FOR IMMEDIATE RELEASE
Washington, DC – June 23, 2016 – Greg Baer, President of The Clearing House Association (TCH), today testified before the Senate Committee on Banking, Housing and Urban Affairs at a hearing focused on bank capital and liquidity regulation. Mr. Baer split his testimony into three parts. He outlined his support for core post-crisis reforms, highlighted concerns with regulations that have marginal benefits and detailed economic costs of some onerous regulations.
“One might assume that eight years after the financial crisis would be a good time to assess the consequences of the established post-crisis regulatory framework,” wrote Greg Baer in testimony before the Senate Banking Committee. “However, the pace of regulatory change is not slowing, and there are pending or planned proposals – most never envisioned by the Dodd-Frank Act – that would fundamentally redouble or rework what has already been done.”
Mr. Baer opened his testimony pointing out core post-crisis reforms that have made banks more resilient and resolvable including increased capital and liquidity standards, stress tests, and the new resolution regime. Next, he described other reforms, many still pending, whose costs appear to greatly exceed their marginal benefit. Examples of such unnecessary or overly onerous reforms he cited are the supplemental leverage ratio, the G-SIB surcharge, countercyclical capital buffer, and the Net Stable Funding Ratio. And finally, he provided an overview of some of the cumulative effects of these regulations such as small and midsize firms having less access to capital markets, and thus being more reliant on bank lending, just as it is becoming difficult to obtain.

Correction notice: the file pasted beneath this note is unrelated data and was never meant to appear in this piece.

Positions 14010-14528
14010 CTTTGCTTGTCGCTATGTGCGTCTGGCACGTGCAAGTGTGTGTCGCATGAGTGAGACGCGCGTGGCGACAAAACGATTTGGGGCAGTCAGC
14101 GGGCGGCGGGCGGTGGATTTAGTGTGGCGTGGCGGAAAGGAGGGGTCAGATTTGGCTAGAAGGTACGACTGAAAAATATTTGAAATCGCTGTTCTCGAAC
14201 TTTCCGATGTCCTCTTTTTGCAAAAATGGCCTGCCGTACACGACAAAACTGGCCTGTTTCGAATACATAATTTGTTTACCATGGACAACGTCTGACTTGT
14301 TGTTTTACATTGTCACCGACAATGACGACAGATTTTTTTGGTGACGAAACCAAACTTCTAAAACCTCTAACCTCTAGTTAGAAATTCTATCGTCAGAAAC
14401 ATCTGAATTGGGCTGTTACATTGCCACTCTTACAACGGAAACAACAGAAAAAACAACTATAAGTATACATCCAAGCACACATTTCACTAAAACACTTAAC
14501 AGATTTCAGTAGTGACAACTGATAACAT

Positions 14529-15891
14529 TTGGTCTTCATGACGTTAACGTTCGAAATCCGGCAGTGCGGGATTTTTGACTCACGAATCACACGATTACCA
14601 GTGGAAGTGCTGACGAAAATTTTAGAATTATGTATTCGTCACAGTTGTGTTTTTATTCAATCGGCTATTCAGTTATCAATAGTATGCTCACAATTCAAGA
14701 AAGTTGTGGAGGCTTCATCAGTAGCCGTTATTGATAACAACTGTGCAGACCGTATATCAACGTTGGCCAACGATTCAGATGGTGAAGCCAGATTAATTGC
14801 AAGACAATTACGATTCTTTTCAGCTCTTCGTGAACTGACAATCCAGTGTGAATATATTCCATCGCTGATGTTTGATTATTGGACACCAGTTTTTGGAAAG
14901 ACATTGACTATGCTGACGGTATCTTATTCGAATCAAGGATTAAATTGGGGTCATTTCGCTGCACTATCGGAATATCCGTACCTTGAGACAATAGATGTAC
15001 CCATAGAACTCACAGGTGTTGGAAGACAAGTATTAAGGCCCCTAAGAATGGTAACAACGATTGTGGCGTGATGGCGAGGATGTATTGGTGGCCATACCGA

“…When the next economic or financial crisis comes, there is reason for concern that large banks will become a systemic Maginot Line, extremely well-fortified, all but certain to remain intact, but playing little useful role in battling systemic risk,” Baer concluded. “We do not know what geopolitical shock or asset bubble will cause such a crisis, but the chances of its first victims being banks — with three times the capital they held before the last crisis, and with much of their assets held in cash or Treasuries – appear extremely low. Rather, a shadow lending system that is undiversified, market-funded, and unsupervised would seem to be a more likely source of flagration and accelerant.”
About The Clearing House. The Clearing House is a banking association and payments company that is owned by the largest commercial banks and dates back to 1853. The Clearing House Payments Company L.L.C. owns and operates core payments system infrastructure in the United States and is currently working to modernize that infrastructure by building a new, ubiquitous, real-time payment system. The Payments Company is the only private-sector ACH and wire operator in the United States, clearing and settling nearly $2 trillion in U.S. dollar payments each day, representing half of all commercial ACH and wire volume. Its affiliate, The Clearing House Association L.L.C., is a nonpartisan organization that engages in research, analysis, advocacy and litigation focused on financial regulation that supports a safe, sound and competitive banking system.